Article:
If the details are murky, the role of Baltimore’s marshal of police, George P. Kane, is nearly opaque. In the coming days, Kane would be accused of complicity in both extremes of the Baltimore plot: some would accuse him of active collusion with the conspirators, while others would claim that he engineered the change of plan for both the president-elect and his wife. Kane’s own testimony did little to illuminate the matter. The day after Lincoln’s arrival in Washington, he would issue a forceful statement, denying that any serious threat had been discovered. “It was thought possible that an offensive Republican display, said to have been contemplated by some of our citizens at the railroad station, might have provoked disorder,” he admitted, but “ample measures were accordingly taken to prevent any disturbance of the peace.” Elsewhere, Kane would deny any role in Lincoln’s decision to alter his itinerary: “I did not recommend that the President-elect should avoid passing openly through Baltimore, nor did I, for one moment, contemplate such a contingency.”
Later, when a Harper’s Weekly article suggested that he had conspired against Lincoln, Kane wrote an angry response, elaborating on his role in the events. Kane now claimed not only that he had arranged for Mrs. Lincoln’s reception at the home of Colonel Gittings but that he had intended for Lincoln himself to follow the same course, departing the train at the city limits. Kane had grown concerned, he said, that Lincoln would be annoyed by the “noise and confusion” at the depot, along with “candidates for office, and fanatics on the negro question.” That being the case, he suggested to Colonel Gittings that “it would be a fit and graceful thing for him to meet Mr. Lincoln at the Maryland line, and invite him and his family to become his guests during their stay in Baltimore.” In this telling of the events, Kane made it clear that he himself planned to escort Lincoln and his family to Mount Vernon Place. Even now, however, he maintained that the “intended debarkation” had nothing whatever to do with “apprehension or suspicion of intended violence or insult to Mr. Lincoln.” To the contrary, he simply wished to show the city to its best advantage, and believed that the change of route afforded a view of “the most beautiful part of Baltimore.”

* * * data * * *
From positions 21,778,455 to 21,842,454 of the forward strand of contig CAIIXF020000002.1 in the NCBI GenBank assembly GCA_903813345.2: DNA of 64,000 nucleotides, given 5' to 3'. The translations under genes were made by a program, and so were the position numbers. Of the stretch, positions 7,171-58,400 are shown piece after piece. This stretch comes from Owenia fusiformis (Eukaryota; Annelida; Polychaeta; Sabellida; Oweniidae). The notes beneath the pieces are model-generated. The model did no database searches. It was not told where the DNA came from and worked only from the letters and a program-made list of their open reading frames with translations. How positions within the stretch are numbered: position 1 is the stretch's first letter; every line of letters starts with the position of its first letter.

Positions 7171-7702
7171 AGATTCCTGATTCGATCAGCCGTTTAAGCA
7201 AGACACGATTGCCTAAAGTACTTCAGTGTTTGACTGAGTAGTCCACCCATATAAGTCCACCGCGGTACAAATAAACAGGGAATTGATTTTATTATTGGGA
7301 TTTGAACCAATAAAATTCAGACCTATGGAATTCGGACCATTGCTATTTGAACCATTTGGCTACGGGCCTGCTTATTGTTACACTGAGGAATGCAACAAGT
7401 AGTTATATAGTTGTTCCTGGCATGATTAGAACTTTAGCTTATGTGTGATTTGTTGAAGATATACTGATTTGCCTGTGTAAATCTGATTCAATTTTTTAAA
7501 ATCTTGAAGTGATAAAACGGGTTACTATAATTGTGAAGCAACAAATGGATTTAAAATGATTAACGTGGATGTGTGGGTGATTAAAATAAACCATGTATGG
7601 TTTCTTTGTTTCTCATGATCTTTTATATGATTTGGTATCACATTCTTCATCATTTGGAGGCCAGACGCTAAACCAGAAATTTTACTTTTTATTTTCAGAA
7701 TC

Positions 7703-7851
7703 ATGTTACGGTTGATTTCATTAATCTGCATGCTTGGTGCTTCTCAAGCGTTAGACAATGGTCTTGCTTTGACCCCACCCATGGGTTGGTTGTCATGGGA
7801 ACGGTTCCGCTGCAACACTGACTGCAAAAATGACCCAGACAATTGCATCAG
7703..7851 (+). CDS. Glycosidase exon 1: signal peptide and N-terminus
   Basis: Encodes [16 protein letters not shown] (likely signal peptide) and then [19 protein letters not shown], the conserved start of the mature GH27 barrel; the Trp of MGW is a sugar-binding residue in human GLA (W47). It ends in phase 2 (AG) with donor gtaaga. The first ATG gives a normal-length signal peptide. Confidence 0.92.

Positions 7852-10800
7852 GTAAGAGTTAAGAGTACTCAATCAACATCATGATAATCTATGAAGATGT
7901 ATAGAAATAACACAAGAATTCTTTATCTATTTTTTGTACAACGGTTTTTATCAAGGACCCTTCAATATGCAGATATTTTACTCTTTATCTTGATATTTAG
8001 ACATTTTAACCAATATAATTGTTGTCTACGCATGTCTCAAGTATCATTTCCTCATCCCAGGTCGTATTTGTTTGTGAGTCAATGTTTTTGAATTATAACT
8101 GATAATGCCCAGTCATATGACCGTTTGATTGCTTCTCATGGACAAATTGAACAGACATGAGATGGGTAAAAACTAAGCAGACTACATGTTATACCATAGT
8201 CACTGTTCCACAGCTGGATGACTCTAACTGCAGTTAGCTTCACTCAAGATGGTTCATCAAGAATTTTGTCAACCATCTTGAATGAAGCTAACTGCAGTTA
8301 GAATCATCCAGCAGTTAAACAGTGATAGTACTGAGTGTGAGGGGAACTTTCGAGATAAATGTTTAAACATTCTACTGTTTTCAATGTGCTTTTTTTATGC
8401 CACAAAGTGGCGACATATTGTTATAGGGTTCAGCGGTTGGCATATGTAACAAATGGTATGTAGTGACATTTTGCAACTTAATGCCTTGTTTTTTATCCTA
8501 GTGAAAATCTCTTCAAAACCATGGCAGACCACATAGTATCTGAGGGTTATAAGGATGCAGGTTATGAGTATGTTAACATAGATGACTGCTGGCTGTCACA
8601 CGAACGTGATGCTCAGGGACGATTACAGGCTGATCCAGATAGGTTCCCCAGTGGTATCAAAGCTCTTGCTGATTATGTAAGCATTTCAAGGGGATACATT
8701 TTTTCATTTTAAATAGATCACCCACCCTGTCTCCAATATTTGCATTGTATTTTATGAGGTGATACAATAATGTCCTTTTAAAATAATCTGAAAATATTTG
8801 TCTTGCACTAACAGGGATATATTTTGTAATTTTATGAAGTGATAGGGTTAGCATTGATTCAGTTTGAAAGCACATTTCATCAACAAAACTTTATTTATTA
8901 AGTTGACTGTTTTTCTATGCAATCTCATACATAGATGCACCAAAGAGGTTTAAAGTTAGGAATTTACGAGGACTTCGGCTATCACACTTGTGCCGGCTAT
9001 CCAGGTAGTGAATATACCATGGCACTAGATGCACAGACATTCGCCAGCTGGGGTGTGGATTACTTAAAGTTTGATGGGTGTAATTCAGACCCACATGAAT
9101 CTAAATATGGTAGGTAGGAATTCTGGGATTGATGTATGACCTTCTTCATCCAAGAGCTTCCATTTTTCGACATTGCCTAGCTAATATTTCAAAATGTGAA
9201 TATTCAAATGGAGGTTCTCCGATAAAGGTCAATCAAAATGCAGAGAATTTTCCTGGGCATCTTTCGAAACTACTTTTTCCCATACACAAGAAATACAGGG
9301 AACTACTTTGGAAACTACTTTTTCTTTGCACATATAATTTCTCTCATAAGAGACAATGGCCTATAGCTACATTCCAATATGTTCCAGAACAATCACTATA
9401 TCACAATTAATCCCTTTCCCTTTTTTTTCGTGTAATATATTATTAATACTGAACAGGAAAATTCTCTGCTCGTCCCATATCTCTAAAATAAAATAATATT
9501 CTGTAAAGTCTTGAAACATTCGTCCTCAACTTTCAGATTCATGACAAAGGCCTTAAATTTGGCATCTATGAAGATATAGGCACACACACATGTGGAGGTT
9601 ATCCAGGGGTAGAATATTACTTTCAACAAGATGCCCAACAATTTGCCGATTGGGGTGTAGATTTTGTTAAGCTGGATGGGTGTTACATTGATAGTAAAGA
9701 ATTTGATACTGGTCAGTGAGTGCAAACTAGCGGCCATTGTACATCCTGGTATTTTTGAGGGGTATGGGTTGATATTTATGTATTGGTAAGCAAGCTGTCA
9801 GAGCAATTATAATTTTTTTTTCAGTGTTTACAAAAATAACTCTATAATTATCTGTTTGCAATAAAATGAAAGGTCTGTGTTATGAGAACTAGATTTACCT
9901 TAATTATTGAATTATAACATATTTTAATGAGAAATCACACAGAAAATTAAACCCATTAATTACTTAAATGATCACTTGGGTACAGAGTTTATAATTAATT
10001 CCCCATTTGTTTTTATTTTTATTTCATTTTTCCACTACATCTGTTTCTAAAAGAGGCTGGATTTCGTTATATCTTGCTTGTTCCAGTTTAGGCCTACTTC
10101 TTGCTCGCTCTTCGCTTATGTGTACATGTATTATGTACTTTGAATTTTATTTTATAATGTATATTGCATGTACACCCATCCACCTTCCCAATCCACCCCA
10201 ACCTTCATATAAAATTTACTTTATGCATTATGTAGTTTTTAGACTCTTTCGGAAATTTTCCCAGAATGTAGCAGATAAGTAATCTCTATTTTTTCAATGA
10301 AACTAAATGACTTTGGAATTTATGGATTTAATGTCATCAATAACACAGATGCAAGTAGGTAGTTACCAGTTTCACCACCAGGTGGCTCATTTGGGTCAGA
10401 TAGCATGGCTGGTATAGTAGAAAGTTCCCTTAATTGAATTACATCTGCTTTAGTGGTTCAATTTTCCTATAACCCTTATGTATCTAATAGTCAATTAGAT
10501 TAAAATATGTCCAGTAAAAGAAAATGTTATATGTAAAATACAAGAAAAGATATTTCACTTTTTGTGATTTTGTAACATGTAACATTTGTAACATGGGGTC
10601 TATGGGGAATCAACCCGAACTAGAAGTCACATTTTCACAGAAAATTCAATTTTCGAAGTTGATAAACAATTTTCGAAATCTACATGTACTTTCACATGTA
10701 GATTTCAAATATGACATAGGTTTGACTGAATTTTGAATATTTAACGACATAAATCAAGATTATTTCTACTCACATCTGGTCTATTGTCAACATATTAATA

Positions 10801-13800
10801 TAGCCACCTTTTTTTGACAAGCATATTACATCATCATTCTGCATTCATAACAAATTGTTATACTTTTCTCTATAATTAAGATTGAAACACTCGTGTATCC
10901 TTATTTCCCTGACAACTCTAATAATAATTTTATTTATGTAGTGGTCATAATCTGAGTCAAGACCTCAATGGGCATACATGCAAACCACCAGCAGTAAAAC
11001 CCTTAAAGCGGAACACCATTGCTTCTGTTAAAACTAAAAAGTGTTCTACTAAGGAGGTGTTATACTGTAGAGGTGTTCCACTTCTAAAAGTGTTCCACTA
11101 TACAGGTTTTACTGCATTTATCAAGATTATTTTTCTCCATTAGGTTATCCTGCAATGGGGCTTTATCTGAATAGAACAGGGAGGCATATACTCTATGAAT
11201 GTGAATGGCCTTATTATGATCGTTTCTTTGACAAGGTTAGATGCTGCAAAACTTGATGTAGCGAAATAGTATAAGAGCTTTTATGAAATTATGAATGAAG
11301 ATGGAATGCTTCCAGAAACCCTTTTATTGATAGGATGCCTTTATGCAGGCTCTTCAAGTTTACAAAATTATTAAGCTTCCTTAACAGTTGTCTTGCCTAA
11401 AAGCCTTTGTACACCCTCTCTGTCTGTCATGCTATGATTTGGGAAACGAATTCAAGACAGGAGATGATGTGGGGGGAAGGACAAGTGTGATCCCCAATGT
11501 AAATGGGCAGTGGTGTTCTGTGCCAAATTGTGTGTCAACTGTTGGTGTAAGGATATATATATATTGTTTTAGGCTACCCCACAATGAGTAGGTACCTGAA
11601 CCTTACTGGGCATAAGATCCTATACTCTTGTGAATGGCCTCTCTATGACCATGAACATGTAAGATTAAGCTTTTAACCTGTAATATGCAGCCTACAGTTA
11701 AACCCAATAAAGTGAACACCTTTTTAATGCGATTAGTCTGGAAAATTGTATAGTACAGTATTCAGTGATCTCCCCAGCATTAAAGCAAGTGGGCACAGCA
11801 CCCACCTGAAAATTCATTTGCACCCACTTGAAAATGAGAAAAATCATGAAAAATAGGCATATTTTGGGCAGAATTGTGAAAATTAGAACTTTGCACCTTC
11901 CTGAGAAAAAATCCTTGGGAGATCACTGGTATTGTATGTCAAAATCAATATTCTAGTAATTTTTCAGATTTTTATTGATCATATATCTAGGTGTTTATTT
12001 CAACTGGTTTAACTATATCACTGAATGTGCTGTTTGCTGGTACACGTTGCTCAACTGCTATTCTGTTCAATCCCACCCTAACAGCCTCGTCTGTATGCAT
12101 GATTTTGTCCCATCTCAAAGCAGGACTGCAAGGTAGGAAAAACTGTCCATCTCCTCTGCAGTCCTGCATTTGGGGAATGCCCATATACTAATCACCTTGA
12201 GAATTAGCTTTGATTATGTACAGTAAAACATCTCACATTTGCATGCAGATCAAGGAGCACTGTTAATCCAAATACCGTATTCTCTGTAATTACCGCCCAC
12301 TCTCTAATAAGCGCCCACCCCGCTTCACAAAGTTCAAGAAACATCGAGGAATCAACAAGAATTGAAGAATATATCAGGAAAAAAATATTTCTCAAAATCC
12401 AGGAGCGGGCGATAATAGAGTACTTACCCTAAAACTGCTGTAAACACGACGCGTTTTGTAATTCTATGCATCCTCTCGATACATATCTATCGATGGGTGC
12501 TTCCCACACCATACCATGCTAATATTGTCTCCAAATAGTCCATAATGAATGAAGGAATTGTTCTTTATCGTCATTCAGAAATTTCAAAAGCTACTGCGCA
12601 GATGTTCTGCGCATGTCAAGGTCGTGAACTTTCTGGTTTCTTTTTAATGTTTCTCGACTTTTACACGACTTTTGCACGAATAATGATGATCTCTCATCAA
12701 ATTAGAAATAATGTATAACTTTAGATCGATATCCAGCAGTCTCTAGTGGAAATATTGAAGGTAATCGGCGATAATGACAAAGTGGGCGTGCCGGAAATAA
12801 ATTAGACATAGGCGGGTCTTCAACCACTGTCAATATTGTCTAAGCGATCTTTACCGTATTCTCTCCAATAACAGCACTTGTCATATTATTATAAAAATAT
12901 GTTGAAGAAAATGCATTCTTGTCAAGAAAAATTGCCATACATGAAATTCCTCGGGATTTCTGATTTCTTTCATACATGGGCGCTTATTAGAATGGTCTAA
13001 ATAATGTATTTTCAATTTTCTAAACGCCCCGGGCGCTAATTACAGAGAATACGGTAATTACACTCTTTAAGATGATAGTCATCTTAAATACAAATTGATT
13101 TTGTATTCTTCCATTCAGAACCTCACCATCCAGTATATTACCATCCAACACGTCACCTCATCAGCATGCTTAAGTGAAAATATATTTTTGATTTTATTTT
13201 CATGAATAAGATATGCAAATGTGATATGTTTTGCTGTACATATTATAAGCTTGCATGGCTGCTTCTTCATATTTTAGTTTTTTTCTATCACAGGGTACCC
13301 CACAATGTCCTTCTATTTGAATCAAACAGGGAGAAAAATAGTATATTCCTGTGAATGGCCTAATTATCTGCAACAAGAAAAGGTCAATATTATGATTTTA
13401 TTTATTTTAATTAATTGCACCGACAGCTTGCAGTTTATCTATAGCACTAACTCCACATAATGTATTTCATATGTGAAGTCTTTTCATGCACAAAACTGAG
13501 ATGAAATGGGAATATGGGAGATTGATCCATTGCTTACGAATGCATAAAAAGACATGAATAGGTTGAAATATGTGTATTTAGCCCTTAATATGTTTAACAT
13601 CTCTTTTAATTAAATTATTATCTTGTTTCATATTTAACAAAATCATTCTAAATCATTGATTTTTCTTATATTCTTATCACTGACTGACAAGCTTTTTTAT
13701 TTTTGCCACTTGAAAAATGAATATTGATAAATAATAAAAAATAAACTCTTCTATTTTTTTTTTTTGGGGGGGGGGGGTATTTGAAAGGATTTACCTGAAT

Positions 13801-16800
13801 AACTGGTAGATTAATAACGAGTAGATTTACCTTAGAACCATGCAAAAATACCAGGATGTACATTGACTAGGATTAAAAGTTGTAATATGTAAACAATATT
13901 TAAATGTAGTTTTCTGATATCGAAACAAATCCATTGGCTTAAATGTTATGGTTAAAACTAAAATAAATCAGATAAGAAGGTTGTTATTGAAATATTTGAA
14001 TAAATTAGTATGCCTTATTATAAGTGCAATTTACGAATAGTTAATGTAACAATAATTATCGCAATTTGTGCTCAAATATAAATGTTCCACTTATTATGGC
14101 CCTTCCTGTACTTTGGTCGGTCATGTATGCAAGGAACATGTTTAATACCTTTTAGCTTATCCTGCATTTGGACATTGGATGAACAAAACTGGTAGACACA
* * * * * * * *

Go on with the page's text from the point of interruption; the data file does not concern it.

Kane’s statements must be treated with caution, as they encompass a fair number of evasions and inconsistencies. If the marshal had truly intended to give Lincoln a fitting reception, it seems curious that he did not inform Baltimore’s mayor, George Brown, who was left waiting at Calvert Street that day, intending “to receive with due respect the incoming President.” By some accounts, Kane himself was also at the station when the Lincoln Special arrived, directing the actions of a robust police presence. In spite of all the contradictions, there is strong evidence to suggest that Mrs. Lincoln did, in fact, accept Colonel Gittings’s hospitality as a means of avoiding the scene at Calvert Street. Lincoln himself is said to have extended his thanks to Mrs. Gittings at a later meeting: “Madam, I owe you a debt. You took my family into your home in the midst of a hostile mob. You gave them succor, and helped them on their way.”
If the story is true, and if Marshal Kane had a hand in the maneuver, it would perhaps place a different construction on Kane’s actions in the days prior to the arrival. Pinkerton would dismiss Kane as a “rabid rebel,” and was convinced that he would “detail but a small police force” as the conspirators did their sinister work at Calvert Street. The detective had been especially alarmed at the remark he overheard at Barnum’s hotel, as Kane apparently told companions that he saw no need to provide a police escort during Lincoln’s visit to the city. Pinkerton construed the remark as a sign of Kane’s indifference to Lincoln’s safety, or perhaps even his active participation in the plot. If, however, Kane had already hatched a design for removing Lincoln from the train, his attitude may be read as the confidence of a man who had already taken preventative measures. The wisdom of such a course would have been debatable at best, as violence would likely have erupted in any case, but there is reason to think that Kane would not have been greatly troubled if a brawl broke out at the station in these circumstances. He had already branded the probable victims—Lincoln’s Republican supporters—as the “very scum of the city.”
* * *
BACK IN WASHINGTON, Pinkerton reported Lincoln’s safe arrival to Samuel Felton and others in a series of laconic telegrams. One of these, to Edward Sanford of the American Telegraph Company, declared:
“Plums arrived here with Nuts this morning—all right.”
Ward Lamon would later grouse that Lincoln had been “reduced to the undignified title of ‘Nuts’” in these messages, but as several of the recipients did not have the cipher key, most of Pinkerton’s dispatches were sent in the clear. The telegram to Norman Judd, for instance, read simply “Arrived here all right.”
Pinkerton remained convinced that the plotters in Baltimore still posed a threat, and he now made preparations to return to the city on the three o’clock train to resume his work as “John H. Hutchinson.” So far as the detective was concerned, he was still on the job, and still operating under cover. Lincoln’s safe passage, in Pinkerton’s view, had been only one battle of a larger campaign. He knew full well that details of Lincoln’s arrival were already appearing in newspapers across the country, but he still believed that his role in the matter must remain secret, especially while he and his agents remained at risk in Baltimore.